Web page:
She looked up and met his eyes. He had such dark blue eyes, eyes that were filled with more life than anyone back home.
If she didn’t help David he would continue searching and might end up stumbling onto something he should not stumble on to. He would keep looking no matter what she said. If she helped him she might be able to help him stay clear of the dangers.
“Very well. I’ll help you,” she said.
He nodded and she sensed that he understood the seriousness of the situation. However she was certain that he didn’t understand the dangers.
“I’ll meet you at the library after classes,” he said.
Class started and they listened to a lecture about Native American culture and beliefs. She was surprised at how incomplete the professor’s lecture was. He only skimmed the top surface of the Indians’ religions. Not once did he mention their knowledge of the world before man or the secret origins of the species.
The local tribes knew of Dagon and the mysteries of the deep waters and they feared the deep. They had every reason to. Native lore was filled with terrible monsters from the waters of the Earth. They weren’t mere fairy tales.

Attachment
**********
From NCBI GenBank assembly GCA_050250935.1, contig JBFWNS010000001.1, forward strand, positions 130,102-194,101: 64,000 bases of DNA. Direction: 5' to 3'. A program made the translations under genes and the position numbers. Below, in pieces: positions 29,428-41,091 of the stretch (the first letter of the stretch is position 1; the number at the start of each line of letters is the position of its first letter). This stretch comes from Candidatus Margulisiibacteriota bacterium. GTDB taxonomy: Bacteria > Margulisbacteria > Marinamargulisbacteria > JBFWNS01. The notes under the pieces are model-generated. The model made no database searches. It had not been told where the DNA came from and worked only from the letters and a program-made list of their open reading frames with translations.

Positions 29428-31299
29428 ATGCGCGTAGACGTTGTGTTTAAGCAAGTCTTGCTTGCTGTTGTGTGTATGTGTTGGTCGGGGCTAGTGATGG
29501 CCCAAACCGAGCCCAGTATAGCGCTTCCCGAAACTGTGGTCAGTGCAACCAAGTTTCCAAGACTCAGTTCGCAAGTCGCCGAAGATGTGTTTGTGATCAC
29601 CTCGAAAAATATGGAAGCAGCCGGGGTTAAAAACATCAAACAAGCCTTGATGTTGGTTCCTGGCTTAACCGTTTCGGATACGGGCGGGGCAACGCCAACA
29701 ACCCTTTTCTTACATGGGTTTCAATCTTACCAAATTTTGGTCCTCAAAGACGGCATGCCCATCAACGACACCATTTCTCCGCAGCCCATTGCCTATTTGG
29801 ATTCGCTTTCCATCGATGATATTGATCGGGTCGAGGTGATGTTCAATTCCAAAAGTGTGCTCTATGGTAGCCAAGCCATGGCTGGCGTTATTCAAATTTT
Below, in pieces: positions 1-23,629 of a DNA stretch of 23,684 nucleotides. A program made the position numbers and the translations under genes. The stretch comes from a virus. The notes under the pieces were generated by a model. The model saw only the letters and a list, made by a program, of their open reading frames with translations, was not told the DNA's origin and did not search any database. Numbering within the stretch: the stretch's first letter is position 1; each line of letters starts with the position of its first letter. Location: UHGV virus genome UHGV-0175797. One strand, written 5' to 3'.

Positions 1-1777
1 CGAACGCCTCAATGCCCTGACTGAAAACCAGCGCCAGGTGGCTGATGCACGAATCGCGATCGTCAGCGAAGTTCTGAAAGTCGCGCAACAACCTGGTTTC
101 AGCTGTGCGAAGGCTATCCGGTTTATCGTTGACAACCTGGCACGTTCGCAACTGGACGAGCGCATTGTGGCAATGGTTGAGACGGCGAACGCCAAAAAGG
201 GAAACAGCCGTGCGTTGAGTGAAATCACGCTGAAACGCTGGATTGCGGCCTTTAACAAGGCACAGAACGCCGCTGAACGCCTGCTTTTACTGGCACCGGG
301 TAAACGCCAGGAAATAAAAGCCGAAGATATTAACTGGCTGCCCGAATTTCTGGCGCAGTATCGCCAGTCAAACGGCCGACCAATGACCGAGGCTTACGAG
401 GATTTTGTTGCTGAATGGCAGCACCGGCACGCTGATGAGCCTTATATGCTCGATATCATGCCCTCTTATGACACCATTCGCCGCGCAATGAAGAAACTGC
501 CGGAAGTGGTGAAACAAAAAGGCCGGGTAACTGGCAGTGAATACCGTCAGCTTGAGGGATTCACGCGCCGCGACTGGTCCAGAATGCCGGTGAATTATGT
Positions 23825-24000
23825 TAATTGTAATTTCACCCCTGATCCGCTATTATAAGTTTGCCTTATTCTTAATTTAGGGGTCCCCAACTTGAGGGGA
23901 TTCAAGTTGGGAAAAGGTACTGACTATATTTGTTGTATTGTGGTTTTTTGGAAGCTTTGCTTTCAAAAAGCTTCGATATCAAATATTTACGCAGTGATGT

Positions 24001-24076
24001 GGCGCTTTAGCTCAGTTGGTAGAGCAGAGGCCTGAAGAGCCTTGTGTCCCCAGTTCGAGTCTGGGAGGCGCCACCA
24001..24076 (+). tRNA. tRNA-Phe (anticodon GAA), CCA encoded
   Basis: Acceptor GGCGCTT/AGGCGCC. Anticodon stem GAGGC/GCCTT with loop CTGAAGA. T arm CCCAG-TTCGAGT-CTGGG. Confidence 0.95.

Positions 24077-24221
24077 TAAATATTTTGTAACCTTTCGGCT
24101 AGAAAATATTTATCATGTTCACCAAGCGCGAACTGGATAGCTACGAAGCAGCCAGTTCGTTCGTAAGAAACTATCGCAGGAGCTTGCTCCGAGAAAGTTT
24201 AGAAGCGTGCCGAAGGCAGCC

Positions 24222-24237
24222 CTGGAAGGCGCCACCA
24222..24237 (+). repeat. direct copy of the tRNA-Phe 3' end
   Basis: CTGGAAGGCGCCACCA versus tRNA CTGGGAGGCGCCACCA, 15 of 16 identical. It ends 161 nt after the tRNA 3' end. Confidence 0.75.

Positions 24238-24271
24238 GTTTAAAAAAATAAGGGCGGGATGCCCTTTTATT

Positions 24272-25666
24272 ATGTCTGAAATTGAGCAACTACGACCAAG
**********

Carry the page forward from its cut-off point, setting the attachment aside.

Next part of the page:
The rest of the day she had a hard time concentrating on her classes. She was thinking about rock music, lack of sleep and David’s thirst for dangerous knowledge.
After her final class she had two hours before dinner started. She liked to have an early dinner at five.
She went to the library and looked the history of rock music. She wanted to know where it came from and how it got to where it was. Innsmouth had nothing like it.
It wasn’t long before David came in. He sat down beside her.
“I’m here and ready,” he said.
“I doubt that very much. If I am to help you, you must understand a few things. If I say something is too dangerous, that means you do not go after it. Understood? If I tell you to close a book, you close it. Do not go off on your own to find these things. Only search with me.”
“Understood. I just want some answers.”
“I hope we might sate your appetite while not getting wet in the process.”
When they went to the library counter there were three guys and a girl in front of them.
“I found your book. It’s a rare one so it can’t leave the library,” the old woman librarian said. She made the students sign for it and as they passed she caught a glimpse of the book. The cover was yellow but she didn’t get to see what the title was.